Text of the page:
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More newborns being connected with health services

More newborns being connected with health services

12 June 2014

The Newborn Enrolment Programme, which supports early enrolment of newborns with health services, has had a positive impact since it went live in October 2013.

Through this programme, parents are encouraged to engage with health services, such as GPs, National Immunisation Register, Well Child/Tamariki Ora providers, newborn hearing screening, and oral health. MDHB has developed one form to allow parents to enrol patients with all these services, making the process streamlined, and saving the duplication of paperwork.

Of the 532 children born in the first quarter of 2014, that live in the MidCentral region, only four are recorded as having ‘GP unknown’. Parents of the others have all found GPs themselves, or have found one with support of the Newborn Enrolment Coordinator.

Working to incorporate the newborn enrolment form into the Maternity Ward’s procedures, has also meant that more children are picked up earlier, requiring less follow up from the coordinator.

Portfolio Manager, Child and Youth Health Barb Bradnock is very pleased with how well the programme is working.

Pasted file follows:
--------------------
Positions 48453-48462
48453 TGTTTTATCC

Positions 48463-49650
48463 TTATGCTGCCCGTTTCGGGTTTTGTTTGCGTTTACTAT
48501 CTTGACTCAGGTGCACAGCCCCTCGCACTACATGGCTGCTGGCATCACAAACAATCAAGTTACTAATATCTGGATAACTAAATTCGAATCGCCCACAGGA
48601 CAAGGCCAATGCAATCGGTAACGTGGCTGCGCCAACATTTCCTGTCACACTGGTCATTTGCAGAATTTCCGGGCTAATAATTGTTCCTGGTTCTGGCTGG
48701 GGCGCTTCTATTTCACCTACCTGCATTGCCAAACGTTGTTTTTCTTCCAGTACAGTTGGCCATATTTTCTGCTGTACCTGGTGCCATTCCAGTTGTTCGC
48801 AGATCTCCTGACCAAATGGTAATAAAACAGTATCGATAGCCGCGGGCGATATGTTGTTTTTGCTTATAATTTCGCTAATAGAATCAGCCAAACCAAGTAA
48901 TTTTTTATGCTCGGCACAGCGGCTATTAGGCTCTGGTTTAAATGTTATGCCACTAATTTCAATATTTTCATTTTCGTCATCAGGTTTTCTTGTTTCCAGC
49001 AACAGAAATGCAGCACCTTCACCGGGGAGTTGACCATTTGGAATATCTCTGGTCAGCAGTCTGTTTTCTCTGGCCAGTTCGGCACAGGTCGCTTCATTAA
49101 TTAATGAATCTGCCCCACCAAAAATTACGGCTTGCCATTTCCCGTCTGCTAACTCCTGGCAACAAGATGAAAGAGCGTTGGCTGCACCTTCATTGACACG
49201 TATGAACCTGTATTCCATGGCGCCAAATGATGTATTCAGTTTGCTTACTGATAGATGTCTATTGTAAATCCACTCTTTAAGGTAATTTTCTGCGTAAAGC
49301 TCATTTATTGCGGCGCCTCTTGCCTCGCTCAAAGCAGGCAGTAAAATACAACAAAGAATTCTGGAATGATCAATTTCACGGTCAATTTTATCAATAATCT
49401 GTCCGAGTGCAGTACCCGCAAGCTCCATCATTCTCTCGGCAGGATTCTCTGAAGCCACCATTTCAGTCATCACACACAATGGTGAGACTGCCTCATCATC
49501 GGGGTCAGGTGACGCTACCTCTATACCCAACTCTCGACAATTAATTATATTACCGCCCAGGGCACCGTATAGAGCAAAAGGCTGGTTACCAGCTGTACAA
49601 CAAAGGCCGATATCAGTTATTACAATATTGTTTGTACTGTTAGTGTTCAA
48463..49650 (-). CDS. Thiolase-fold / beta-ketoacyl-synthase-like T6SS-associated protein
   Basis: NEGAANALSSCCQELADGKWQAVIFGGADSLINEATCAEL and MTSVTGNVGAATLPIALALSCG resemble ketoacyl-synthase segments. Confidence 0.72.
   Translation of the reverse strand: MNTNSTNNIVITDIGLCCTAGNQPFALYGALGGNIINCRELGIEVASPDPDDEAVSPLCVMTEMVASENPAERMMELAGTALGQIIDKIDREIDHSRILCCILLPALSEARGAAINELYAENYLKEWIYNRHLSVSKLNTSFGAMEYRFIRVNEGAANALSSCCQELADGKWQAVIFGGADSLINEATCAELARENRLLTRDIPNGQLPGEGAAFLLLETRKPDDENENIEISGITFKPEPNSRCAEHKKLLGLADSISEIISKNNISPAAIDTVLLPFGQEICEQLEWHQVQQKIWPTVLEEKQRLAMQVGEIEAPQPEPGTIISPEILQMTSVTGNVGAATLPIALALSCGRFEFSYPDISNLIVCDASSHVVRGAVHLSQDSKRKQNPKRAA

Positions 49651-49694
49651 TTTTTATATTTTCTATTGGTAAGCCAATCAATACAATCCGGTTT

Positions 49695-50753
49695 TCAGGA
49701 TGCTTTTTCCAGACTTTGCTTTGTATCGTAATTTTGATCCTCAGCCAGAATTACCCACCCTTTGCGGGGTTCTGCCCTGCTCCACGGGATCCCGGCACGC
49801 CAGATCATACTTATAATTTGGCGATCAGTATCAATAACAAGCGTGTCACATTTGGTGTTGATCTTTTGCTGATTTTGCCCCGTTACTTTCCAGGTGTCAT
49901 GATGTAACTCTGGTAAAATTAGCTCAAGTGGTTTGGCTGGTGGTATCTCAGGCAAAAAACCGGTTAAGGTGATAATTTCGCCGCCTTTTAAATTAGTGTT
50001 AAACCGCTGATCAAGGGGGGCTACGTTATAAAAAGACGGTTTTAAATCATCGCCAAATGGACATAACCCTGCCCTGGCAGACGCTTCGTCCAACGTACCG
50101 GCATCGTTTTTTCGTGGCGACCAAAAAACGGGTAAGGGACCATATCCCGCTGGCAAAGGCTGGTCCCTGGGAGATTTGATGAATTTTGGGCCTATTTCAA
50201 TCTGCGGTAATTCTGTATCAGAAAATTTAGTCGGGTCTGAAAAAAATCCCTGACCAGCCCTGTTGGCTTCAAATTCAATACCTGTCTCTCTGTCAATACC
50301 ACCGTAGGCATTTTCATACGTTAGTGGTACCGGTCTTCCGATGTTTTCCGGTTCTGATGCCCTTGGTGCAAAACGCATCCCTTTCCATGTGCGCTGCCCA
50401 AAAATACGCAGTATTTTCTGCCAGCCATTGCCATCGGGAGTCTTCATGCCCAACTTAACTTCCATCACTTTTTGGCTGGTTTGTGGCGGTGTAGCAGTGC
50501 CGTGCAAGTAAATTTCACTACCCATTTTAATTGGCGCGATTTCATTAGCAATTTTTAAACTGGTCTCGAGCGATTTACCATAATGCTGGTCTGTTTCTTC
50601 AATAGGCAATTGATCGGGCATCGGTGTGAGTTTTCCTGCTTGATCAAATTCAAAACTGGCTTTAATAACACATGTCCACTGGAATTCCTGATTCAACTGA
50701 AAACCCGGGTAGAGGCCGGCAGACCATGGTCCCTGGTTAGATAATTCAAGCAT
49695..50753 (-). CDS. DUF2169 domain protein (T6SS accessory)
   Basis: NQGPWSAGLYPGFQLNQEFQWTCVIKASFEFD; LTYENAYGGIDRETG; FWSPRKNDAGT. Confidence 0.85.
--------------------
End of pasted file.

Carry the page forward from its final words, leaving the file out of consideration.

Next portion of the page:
“The improvement in enrolment numbers under this programme has been very encouraging. Engaging parents and their newborns in the health system is a priority, and the hard work of our coordinator has made a real difference to the wellbeing of these babies.”

In addition to the work of the coordinator, a lot of work has been done by the Central Primary Health Organisation, General Practices, and maternity staff, to ensure that there is 100% enrolment for babies in the MidCentral district.

On top of these figures, only three children have no Well Child/Tamariki Ora provider recorded. This is because they were either home births, or were born out of the area, and have not been contactable; two children also have no provider recorded, as the parents chose not to use the service. Every other child is enrolled with a provider.

Mrs Bradnock said: “It is apparent that engaging children with health services early in life will have long-term benefits for their health. This programme will not only improve the health outcomes for children in the short term, but will make a big difference for them in years to come.”


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